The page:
The two arcs, plot and character, don’t have to be going at the same rate, but coordinating their climaxes (like the first turning point example with Erskine’s death right after the experiment) can double the impact and jumpstart the audience into the next phase of the story. This particular benefit of coordinating character and plot arcs improves with the thought that goes into them.

In the previous example, the acceleration was created using a supporting climax structure. Each built one on top of another. The first springboards off the second seamlessly. They are motivated by the same events, connected by essential plot structure, and happen in the same scene. It’s like smashing down the gas pedal and hearing the engine jump gears and roar to life. Readers hang on screaming “Oh YEAH!” Yes. Like that.

18134972Duel climax structure is a bit different. In Goldmayne, a fairytale retelling by Kate Stradling, the climax scenes are connected, but they don’t happen in the same scene. In one climax, a witch who has been hunting the hero for much of the story, is finally defeated in an epic battle. The character climax of Wildfire, an enchanted horse, comes after the battle is over, and he’s faced with watching his happily ever after get torn from him. He finally comes to a make or break point and is helped through it by the hero. This is a touching climax and one that tears the heart since these two have grown together as friends throughout the book. The resulting scenes tie up the story nicely, as with most fairytales.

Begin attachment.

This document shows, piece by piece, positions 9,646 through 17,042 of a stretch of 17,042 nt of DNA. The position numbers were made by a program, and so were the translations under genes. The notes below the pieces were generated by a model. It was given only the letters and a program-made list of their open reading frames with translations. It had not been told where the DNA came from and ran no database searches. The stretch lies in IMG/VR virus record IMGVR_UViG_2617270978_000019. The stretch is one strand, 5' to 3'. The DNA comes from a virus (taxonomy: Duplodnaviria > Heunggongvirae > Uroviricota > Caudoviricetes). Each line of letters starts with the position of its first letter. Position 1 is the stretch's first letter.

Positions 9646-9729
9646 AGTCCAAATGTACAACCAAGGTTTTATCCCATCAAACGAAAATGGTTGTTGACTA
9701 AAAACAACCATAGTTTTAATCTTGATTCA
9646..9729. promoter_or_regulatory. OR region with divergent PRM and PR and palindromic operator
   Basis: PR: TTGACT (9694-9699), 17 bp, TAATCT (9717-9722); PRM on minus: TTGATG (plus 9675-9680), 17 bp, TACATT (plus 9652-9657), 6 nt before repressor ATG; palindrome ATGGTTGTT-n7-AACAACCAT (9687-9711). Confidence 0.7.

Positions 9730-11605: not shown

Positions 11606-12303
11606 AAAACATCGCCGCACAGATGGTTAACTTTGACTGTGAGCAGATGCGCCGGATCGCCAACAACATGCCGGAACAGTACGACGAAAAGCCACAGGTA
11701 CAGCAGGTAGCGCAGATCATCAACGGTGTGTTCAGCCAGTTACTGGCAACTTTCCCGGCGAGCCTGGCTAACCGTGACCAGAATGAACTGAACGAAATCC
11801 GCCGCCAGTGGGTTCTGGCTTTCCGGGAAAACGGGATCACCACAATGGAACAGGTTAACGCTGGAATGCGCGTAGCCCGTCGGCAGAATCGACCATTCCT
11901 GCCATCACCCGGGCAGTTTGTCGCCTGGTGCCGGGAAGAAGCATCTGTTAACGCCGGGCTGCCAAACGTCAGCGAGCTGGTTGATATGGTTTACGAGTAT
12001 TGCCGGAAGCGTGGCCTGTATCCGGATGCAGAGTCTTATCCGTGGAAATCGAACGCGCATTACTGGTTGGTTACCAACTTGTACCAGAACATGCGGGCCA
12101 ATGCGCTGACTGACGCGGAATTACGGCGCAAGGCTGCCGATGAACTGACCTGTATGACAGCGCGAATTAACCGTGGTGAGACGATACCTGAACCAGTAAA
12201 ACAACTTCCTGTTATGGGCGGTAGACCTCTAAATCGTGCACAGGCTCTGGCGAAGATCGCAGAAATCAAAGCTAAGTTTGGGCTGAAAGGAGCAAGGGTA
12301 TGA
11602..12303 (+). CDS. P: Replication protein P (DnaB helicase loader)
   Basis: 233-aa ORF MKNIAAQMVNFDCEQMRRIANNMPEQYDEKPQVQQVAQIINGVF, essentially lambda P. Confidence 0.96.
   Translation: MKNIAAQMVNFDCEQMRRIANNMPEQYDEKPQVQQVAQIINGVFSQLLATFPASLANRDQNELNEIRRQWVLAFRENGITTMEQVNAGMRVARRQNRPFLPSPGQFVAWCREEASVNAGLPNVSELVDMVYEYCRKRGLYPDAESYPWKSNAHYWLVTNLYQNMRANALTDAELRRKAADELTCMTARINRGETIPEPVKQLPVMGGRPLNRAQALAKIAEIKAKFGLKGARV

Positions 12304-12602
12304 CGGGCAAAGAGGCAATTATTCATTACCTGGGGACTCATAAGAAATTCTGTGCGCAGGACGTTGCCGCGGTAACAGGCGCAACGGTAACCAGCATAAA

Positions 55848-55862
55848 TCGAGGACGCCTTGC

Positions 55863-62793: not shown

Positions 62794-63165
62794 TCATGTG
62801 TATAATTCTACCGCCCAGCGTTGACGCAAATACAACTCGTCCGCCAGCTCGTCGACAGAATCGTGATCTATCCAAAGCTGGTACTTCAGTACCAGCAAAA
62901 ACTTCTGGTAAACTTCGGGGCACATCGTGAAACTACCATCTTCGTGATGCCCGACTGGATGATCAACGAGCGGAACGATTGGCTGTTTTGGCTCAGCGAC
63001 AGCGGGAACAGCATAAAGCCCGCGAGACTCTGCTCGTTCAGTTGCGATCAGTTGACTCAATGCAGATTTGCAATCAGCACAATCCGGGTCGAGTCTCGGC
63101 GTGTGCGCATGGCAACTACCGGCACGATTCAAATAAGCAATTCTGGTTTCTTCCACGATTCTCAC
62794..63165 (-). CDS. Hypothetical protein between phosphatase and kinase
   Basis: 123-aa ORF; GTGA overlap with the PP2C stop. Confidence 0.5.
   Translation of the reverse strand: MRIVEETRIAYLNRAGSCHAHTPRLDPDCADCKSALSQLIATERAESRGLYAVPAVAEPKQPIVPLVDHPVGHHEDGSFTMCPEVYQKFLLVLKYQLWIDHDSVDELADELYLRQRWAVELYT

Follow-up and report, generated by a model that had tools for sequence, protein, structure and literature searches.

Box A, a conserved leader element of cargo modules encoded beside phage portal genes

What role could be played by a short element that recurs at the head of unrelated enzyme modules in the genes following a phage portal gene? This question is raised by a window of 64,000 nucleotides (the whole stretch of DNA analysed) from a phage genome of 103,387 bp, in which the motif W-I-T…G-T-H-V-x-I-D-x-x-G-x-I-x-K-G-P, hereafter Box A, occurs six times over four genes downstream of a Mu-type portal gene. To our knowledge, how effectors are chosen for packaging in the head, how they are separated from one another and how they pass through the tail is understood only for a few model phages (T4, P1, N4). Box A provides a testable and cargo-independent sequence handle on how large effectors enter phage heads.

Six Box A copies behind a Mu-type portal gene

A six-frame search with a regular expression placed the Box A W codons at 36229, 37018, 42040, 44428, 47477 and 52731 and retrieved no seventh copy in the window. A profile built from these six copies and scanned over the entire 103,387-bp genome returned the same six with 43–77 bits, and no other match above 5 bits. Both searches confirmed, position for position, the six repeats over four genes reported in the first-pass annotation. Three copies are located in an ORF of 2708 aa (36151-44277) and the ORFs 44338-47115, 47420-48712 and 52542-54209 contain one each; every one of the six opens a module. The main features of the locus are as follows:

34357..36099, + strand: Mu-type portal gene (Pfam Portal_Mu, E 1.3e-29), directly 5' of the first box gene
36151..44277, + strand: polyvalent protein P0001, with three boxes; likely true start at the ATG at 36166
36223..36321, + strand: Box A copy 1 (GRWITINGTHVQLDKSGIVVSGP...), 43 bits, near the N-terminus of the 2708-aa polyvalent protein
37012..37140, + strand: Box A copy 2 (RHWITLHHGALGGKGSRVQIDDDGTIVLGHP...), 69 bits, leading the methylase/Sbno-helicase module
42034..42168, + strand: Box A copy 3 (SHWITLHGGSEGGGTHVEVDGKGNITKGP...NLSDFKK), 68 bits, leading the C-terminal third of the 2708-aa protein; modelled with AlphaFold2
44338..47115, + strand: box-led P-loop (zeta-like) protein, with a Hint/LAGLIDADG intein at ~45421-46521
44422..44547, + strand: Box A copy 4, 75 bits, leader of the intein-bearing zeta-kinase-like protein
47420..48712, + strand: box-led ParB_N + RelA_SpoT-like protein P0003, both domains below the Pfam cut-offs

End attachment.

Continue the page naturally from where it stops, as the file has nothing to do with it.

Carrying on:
As a recommendation to anyone hoping to better integrate their character growth with the plot structure, consider these questions. Write out the answers, and don’t stop at just doing the main character. Work with the major characters and allow the answers to help inform scene creation, plot twists, and maybe a supporting subplot or two.

  • How does the character shift/grow/change in this scene?
  • What is the character thinking when each new conflict comes up?
  • What does the character need to become in order to win out?
  • What makes this story personal to this character?

Links/Research

Character | Musik Therapie at Peder Hill

The 3 Types of Character Arc | Veronica Sicoe

Screen Writing: Lecture 4 | Writers Write

Character Arc | Wikipedia